At a time when Prime Minister Narendra Modi has urged the people to make India free from single-use plastic, unabated disposal of plastic by locals at the ‘Bisharnala Jan’ in the newly created Bajali district have raised concerns among naturalists and conscious citizens as fishes have died due to food poisoning by the disposal of waste plastic.
Hundreds of fishes were found floating dead in ‘Bisharnala Jan’ triggering an alarm that water has been poisoned.
Hundreds of cattle drink water from the water body to quench their thirst. The residents fear the spread of diseases from the rotting fish. They said animals and birds that drink from the river will die if the water is poisoned.
The nature lovers, who are angry over the incident, said that the miscreants behind the poisoning of the ‘jan’ should be punished.
They also said the inhabitants of Pathsala require no explanation about Bisharnala; a small spring flowing through the Pathsala town. Its importance and identity is felt by the people of the locality and feels proud of nature’s creation. But due to the habits of a section of people throwing dumps in the ‘Bisharnala Jan’ regularly, the beauty of the town is being hampered as it is turning into a dumping ground.
Though various organisations of the locality from time to time generating awareness and appealed people not to throw waste materials in the ‘Jan’ it seems ended in vain.
The incident came to light when dead fishes started to float on the ‘Bisharnala Jan’, a few days ago. District administration must initiate action against all those who are responsible, locals urged.
However, no officials from the local administration have visited the spot yet. Locals said the fish must have died due to heavy pollution in the water bodies around the ‘Jan’
Ananda Khataniar, brand ambassador of Forest and Environment Department also expresses concern over the issue and appeal the people not to do so at a time when Central, as well as State Government, are working for making the country neat and clean. It may also be mentioned that the statues of the legends of mobile theatre Achyut Lahkar and Ratan Lahkar are also under construction on the bank of the popular ‘Bisarnala Jan’.
Another conscious citizen and nature lover Jintu Talukdar also expressed concern over the issue and appealed the people to come forward and make the environment healthy and clean so as to beautify the Pathsala town which is known as the educational and cultural hub of the state.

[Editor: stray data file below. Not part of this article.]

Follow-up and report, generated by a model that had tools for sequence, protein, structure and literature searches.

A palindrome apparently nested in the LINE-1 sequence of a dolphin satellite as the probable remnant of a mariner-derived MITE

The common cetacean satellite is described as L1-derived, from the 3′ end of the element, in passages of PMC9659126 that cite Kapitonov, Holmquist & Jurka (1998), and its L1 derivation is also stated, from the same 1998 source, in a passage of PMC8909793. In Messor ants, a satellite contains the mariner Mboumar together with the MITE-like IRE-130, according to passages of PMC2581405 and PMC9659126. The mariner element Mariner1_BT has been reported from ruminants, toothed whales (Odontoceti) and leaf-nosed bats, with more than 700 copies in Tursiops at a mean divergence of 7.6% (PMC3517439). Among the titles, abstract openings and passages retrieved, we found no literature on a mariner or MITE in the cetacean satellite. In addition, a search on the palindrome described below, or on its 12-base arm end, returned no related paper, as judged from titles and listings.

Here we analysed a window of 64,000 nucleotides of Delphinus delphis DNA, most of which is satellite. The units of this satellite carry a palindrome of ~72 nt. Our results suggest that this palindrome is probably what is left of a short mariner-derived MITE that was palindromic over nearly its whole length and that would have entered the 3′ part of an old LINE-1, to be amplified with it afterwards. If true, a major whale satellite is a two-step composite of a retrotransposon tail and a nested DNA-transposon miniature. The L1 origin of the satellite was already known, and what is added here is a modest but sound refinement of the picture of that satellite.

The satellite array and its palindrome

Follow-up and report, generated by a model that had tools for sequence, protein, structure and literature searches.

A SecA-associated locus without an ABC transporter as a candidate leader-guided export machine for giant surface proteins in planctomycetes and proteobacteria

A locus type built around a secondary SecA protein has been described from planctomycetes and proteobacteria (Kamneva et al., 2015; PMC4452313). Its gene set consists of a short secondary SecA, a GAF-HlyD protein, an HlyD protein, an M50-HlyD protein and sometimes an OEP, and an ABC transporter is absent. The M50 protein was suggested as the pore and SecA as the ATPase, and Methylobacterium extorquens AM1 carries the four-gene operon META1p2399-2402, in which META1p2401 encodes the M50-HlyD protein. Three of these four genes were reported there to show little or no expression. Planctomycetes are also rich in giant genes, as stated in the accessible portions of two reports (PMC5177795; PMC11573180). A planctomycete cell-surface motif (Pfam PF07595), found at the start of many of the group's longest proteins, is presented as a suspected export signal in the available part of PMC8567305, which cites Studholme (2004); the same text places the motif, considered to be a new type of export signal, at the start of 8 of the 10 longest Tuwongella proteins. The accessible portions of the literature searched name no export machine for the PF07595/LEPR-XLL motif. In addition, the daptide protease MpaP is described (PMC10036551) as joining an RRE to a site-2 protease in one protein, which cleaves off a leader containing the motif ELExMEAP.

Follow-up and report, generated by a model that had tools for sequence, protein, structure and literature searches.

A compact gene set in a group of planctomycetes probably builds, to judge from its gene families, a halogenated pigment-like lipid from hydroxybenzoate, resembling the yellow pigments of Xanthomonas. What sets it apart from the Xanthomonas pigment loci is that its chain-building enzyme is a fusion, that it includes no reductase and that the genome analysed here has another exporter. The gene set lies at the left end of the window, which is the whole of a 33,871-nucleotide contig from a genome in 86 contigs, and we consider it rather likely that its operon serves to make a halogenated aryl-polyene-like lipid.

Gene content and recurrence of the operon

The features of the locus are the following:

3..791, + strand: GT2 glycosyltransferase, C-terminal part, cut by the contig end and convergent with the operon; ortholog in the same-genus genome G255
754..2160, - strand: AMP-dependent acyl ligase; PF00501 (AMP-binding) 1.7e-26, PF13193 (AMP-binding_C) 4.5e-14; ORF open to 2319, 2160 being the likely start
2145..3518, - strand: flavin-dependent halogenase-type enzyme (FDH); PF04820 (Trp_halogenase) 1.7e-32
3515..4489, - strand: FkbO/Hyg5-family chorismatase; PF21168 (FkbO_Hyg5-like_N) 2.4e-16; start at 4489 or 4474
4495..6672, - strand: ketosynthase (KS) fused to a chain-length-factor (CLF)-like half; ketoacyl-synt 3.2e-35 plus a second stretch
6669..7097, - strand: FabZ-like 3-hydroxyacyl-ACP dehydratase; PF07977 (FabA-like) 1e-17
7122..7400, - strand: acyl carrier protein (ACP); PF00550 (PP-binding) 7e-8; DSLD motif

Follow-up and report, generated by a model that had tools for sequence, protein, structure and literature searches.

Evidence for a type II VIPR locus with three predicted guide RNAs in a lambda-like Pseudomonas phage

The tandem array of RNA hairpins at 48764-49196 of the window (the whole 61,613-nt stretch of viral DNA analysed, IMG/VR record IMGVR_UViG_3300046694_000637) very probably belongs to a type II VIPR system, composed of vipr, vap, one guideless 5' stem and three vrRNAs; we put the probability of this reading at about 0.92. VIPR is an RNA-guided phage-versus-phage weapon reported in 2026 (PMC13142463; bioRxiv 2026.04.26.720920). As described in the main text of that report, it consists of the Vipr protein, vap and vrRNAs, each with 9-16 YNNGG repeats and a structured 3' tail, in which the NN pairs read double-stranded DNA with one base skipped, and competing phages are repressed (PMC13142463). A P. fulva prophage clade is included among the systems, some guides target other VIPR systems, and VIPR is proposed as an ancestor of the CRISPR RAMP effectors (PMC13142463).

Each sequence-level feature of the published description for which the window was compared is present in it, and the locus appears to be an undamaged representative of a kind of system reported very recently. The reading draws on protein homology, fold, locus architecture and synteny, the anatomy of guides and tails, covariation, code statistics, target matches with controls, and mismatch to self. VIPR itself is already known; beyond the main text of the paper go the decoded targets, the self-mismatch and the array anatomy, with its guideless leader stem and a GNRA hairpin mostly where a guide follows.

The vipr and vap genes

Jintu said, “Some locals and a reputed private school throwing are always disposing of waste plastic in the area, where many fish died recently. The issue should be considered seriously by the Police, Forest and Revenue Department officials.”
“This businessmen of Pathsala have many plots of land to set up buildings for their business, but they don’t have a single plot of land to dispose of waste plastic”.he added
He also asked the Pathsala Municipal Committee to select a place for disposal and recycling of plastic waste as there will be heavy influx of people being declared as a district. And mentioned that we should prepare and take proper care from the very first about the expansion of town planning and keep in mind about the flash floods, drainage system and disposal and recycling of waste in a sustainable fashion.
According to the Central Pollution Control Board (CPCB), India produces over 25,000 tonnes of plastic waste every day. Environment Minister Prakash Javadekar had said earlier that of the total waste generated daily, only 13,000-14,000 tonnes were collected. He said it had been decided to ban the import of plastic waste from August 2019.
As per the Ministry of Housing and Urban Affairs’ Annual Report for 2016-17, it is estimated that the total solid waste generated daily in India is some 1,50,000 tonnes.
Of this, about 90 per cent (1,35,000 tonnes per day) is collected. Of the collected waste, 20 per cent (27,000 tonnes per day) is processed and the rest goes to the dumpsites.
A study by the Central Pollution Control Board (CPCB) in 60 major cities of India estimated that 4,059 tonnes per day of plastic waste was generated. According to CPCB, 69,414 tonnes of e-waste was collected, dismantled and recycled during 2017-18.
As per the UN University report “The Global E-Waste Monitor 2017”, 20 lakh tonnes of e-waste generation was reported in the country in 2016.
Despite plastic being banned in several states and Union Territories, its usage is widespread. The national capital has banned the use, storage, and production of single-use plastic but many continue to use it.
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